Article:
Further the structure was monitored using X-ray diffraction (PAN analytical X'Pert PRO with a cathode CuKa in a reflective arrangement from angles 2[THETA]: 1-30 [degrees] and SEM (SEM Vega Tescan). Samples were placed in liquid nitrogen and afterwards freeze-fractured.

3. Results

With the low-cost polymer as a matrix material, the composite can often be formed into products with higher thermal conductivity than the original polymer. In this study, the thermal conductivity was measured by a non-stationary method on a type of Fitche device. The average values of thermal conductivity of prepared samples are given in Table 1,2 and Fig. 1. The thermal conductivity is growing with filler loading for both filler. The bigger influence was recorded for MMTNa+. The increase 24% was observed for loading 3 and 5 % MMTNa+. The improvement 36 % show sample with 20 % of natural MMT. The mixture MMT30B show lower conductivity growth comparing MMTNa+. The increase was 9 and 19 % for mixture PVC/3%MMT30B and PVC/5%MMT30. The highest change of 25 % was recorded for PVC/20%MMT30B. The lower changes by lower filler loading may be connected with the morphology of sample. The mixtures with loading to 5% show very fine structure. The filler is well dispersed in the matrix with the particles in nm range. In case of higher loading the morphology study show the mixture of nanoparticles and microparticles as can be seen in Fig. 2.

Next the Dc electrical conductivity was measured. The values, obtained from the measurements, are shown in the Table 3, 4. There can be no free charge carriers in pure PVC, therefore we consider the polyvinyl chloride matrix as an insulator. The significant increase was observed in case MMT/15%30B and MMT/20%30B (more than 400 %). The MMTNa+ cause the drop of electrical conductivity comparing pure PVC. This facts are in good correlation with the morphology of tested samples. MMT30B is modified clay and this modifier may create the charge carrier. Next the MMT30B created, due to the good dispersion of filler in matrix a "filler network, which can be helped to lead the el. charge. In case of MMTNa+ the microparticles are separated (isolated) in polymer matrix, which is dielectric.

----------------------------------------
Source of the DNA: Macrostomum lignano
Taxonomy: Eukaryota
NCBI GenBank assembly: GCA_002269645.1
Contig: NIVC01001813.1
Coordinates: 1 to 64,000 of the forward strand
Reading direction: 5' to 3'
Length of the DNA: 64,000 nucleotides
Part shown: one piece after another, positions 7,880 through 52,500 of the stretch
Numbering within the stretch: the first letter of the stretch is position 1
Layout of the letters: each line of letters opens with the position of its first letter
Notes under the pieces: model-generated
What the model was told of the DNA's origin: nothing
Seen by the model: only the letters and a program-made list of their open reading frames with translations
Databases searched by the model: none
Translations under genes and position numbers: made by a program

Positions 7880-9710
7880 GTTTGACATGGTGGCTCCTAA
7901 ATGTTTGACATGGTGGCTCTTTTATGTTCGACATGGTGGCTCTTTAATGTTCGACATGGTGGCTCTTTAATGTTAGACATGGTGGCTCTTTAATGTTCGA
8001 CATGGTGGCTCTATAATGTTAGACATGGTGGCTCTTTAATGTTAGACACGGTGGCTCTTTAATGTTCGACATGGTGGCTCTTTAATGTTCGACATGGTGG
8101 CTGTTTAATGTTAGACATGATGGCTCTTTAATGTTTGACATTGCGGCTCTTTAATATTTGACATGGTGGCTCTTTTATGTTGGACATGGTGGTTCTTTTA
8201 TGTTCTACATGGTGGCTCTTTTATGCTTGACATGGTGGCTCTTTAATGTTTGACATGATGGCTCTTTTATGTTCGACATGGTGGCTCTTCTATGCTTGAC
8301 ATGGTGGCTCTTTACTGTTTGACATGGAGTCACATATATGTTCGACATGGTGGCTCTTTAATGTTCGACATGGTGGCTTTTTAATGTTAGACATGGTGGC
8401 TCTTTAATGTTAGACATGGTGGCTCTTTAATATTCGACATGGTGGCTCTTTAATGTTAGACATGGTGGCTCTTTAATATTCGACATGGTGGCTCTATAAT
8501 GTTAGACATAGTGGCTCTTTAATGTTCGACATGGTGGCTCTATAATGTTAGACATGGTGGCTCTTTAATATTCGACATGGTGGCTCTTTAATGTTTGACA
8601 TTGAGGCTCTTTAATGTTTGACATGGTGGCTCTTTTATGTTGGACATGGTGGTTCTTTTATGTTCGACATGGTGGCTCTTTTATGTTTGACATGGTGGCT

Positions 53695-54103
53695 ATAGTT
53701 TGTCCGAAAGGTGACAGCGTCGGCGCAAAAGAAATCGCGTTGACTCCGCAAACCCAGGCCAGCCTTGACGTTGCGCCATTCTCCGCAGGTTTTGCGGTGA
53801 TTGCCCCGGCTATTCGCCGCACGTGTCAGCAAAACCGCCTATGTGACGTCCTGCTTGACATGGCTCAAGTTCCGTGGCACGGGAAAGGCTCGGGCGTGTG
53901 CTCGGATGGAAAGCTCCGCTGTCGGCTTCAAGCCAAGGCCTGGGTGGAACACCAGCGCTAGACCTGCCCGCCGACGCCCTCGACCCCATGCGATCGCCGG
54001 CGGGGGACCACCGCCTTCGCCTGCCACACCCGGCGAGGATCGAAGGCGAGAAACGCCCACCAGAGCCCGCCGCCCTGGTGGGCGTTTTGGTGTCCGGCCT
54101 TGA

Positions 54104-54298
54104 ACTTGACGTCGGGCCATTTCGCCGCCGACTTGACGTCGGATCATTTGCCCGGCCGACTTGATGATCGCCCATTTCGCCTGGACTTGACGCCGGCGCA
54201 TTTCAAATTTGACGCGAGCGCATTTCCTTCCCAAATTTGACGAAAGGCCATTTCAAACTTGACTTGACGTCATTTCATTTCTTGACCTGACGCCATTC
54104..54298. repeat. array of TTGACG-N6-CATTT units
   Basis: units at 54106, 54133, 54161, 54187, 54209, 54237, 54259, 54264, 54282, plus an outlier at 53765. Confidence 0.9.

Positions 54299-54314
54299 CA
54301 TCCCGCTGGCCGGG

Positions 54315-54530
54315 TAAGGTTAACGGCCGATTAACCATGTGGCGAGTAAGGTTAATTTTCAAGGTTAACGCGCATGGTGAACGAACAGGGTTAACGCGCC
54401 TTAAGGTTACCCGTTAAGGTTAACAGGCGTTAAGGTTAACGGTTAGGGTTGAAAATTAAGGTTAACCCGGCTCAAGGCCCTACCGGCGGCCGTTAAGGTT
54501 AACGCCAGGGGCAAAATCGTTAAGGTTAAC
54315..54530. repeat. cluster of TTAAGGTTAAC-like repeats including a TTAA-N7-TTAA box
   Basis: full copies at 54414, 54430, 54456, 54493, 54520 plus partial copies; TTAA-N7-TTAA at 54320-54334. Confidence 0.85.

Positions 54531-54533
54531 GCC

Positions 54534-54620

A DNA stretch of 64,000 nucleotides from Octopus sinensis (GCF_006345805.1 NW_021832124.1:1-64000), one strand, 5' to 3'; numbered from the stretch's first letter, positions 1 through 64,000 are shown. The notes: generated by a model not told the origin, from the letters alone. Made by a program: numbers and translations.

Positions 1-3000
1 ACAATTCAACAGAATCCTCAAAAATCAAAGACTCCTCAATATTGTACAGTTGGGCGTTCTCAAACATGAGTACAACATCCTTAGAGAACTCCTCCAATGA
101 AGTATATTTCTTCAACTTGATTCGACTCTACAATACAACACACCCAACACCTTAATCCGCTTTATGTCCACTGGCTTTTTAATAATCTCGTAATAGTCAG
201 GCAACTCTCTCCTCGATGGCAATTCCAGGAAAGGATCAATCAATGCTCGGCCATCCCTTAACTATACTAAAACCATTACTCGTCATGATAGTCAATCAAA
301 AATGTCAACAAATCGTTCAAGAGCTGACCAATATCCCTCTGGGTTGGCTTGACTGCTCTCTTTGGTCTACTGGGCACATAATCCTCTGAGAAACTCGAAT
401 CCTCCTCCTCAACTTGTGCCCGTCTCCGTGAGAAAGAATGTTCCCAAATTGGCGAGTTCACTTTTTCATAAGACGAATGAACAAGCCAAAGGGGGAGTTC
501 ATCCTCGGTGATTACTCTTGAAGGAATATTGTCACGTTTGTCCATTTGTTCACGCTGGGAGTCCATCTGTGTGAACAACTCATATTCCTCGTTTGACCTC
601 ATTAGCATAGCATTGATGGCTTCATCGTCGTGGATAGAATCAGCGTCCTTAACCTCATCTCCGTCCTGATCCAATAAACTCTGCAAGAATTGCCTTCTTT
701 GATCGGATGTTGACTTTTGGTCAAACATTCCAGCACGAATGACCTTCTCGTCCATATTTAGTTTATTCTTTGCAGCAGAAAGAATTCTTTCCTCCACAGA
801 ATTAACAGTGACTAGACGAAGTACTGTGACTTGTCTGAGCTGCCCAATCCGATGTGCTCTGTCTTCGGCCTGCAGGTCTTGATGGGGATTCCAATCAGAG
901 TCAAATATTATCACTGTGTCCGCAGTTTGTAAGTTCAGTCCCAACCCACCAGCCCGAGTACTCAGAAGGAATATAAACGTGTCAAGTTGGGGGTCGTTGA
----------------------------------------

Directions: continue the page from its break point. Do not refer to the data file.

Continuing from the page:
4. Conclusion

The polyvinylchloride (PVC) is an extensively used thermoplastic material, therefore the research were focused on this polymer. Next developing anti-static PVC materials has aroused much attention from academic and industrial fields. The aim of this work was to determinate the influence of filler loading to the thermal and electrical conductivity in correlation to the structure of prepared mixtures. In accordance with the obtained results, the thermal conductivity is growing with filler loading for both filler.

The bigger influence was recorded for MMTNa+, where improvement 36 % for 20 % loading was observed. While, it was only 25 % for 20% loading of MMT30B. This fact may be connected with the morphology of the sample. The filler MMT30B seems to be well dispersed in the matrix and it is restricted the polymer chain motion. This may create a barrier for thermal conduction.

In case of DC el. conductivity, the significant increase was observe for MMT/15%30B and MMT/20%30B (more than 400 %). This fact is probably connected with the filler modification which may create the charge carriers in the filler surface and the "filler network" in polymer matrix. The future plan is testing other types of intercalated or cointercalated fillers especially for el. conductivity.

DOI: 10.2507/28th.daaam.proceedings.127

5. Acknowledgments

This project was supported by internal grant of TBU in Zlin RVOE. Next I wish to thanks Mr. Antonin Blaha for the help with the thermal conductivity measurement.

6. References

[1] Han Wang; Guiyuan Xie; Minghe Fang; Zhe Ying; Yu Tong; You Zeng, (2015). Electrical and mechanical properties of antistatic PVC films containing multi-layer graphene. Composites Part B. 79. 444-450.

[2] Saad ALG; Sayed WM; Ahmed MGM; Hassan AM. (1999). Preparation and properties of some filled poly(vinyl chloride) compositions. J Appl Polym Sci. 73(13). 2657-70.

[3] Moulay S. (2010). Chemical modification of poly(vinyl chloride)- still on the run. ProgPolym Sci. 35(3). 303-31.

[4] Giannelis E.P. (1996). Polymer layered silicate nanocomposites. Adv. Mater. 8. 29-35.

[5] Alexandre M.; Dubois P. (2000). Polymer-layered silicate nanocomposites: preparation, properties and uses of a new class of materials. Mater. Sci. Eng. R. Rep. 28. 1-63.

[6] Fornes T.D.; Yoon P.J.; Hunter D.L.; Keskkula H.; Paul D.R. (2002). Effect of organoclay structure on nylon 6 nanocomposite morphology and properties. Polymer. 43. 5915-5933.

[7] Stretz H.A.; Paul D.R.; Li R.; Keskkula H.; Cassidy P.E. (2005). Intercalation and exfoliation relationships in meltprocessed poly(styrene-co-acrylonitrile)/montmorillonite nanocomposites. Polymer. 46. 2621-2637.